NEWBORN lambs at a country park in Havant have been hit by a killer virus.
Three were born dead and up to 15 died in the days after they were born at Staunton Country Park.
It comes as the Schmallenberg virus has swept across Hampshire and West Sussex, with more than 50 reported cases across the two counties.
The virus, named after the German town where it was discovered last November, is thought to have come from infected midges that have been blown across the English Channel.
The virus is not being seen as a risk to human health by the European Centre for Disease Prevention and Control.
But it can wreak havoc on sheep and cattle, causing serious birth defects.
Adrian McKay, a farmer at Staunton for four years, where the sheep are used for commercial purposes as well as for the visitor attraction, said it had been upsetting to see lambs die.
He said: ‘It was the midges that infected the animals last September and October.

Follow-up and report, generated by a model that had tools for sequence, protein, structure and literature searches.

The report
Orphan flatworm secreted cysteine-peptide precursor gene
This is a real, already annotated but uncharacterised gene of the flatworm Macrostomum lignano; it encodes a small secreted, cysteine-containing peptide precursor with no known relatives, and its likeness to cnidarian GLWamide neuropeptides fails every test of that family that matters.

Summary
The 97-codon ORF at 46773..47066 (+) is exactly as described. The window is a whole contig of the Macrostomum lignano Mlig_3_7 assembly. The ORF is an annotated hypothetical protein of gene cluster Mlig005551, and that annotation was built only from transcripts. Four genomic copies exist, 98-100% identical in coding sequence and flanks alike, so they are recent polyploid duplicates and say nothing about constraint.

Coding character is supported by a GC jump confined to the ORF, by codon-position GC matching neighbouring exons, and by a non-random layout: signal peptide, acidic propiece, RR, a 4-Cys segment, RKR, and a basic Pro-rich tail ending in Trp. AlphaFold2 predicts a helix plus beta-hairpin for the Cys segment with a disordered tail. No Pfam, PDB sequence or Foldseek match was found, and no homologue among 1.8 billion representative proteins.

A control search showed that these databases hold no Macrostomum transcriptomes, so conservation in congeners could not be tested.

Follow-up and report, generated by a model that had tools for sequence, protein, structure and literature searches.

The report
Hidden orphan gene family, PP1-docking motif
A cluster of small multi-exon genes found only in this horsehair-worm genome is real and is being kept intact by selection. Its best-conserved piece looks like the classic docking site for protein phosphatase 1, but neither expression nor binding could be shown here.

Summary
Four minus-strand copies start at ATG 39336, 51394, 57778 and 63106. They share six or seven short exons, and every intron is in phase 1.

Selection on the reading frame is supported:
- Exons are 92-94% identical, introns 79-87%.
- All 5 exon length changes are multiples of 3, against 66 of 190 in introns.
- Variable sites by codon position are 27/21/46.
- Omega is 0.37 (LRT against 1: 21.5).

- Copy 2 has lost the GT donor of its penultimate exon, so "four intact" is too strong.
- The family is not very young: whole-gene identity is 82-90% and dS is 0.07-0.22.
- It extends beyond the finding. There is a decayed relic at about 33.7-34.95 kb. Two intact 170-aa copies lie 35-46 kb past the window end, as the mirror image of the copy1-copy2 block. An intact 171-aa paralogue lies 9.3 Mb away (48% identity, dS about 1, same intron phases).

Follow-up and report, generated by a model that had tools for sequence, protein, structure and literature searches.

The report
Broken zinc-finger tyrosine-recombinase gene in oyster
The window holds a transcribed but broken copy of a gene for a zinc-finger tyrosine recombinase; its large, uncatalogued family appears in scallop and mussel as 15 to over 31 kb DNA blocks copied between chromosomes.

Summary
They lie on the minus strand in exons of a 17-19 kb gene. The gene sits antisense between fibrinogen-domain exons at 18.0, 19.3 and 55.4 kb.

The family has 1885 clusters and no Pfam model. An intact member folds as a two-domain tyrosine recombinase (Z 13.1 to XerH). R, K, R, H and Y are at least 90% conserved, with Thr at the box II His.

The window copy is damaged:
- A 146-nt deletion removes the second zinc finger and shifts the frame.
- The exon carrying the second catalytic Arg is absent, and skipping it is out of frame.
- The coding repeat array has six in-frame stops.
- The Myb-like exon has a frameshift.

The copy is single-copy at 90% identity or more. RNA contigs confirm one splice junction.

‘It affected them in different ways. Some lambs would limp, some were born deformed. Some would not drink milk.’
But around 70 of the lambs did survive and are happily running round the fields at Staunton.
Mr McKay added: ‘As we are subsidised, it’s not affected us as much.
‘For commercial farms it’s a great loss to them.’
Mr McKay said the farm was hoping to increase its flock to 150, so the deaths would mean more ewes would have to be bought.
There is no vaccine for the disease and government scientists are still building up a picture of how the virus works.
Mr McKay said it may be that once an animal has survived the virus they will become immune to it.
He added: ‘If I worried about every virus that comes along, I would never sleep. There’s one every year.
‘But you don’t like lambs dying.’
According to the Animal Health and Veterinary Laboratories Agency, there have been 15 confirmed cases in Hampshire and 39 cases in West Sussex.
There are more than 250 UK farms reporting the disease, although experts consider this may not show the true toll.
A statement from the Veterinary Laboratories Agency said: ‘As this is a newly identified virus there are still aspects of the disease that remain unknown at this point until more research has been done.’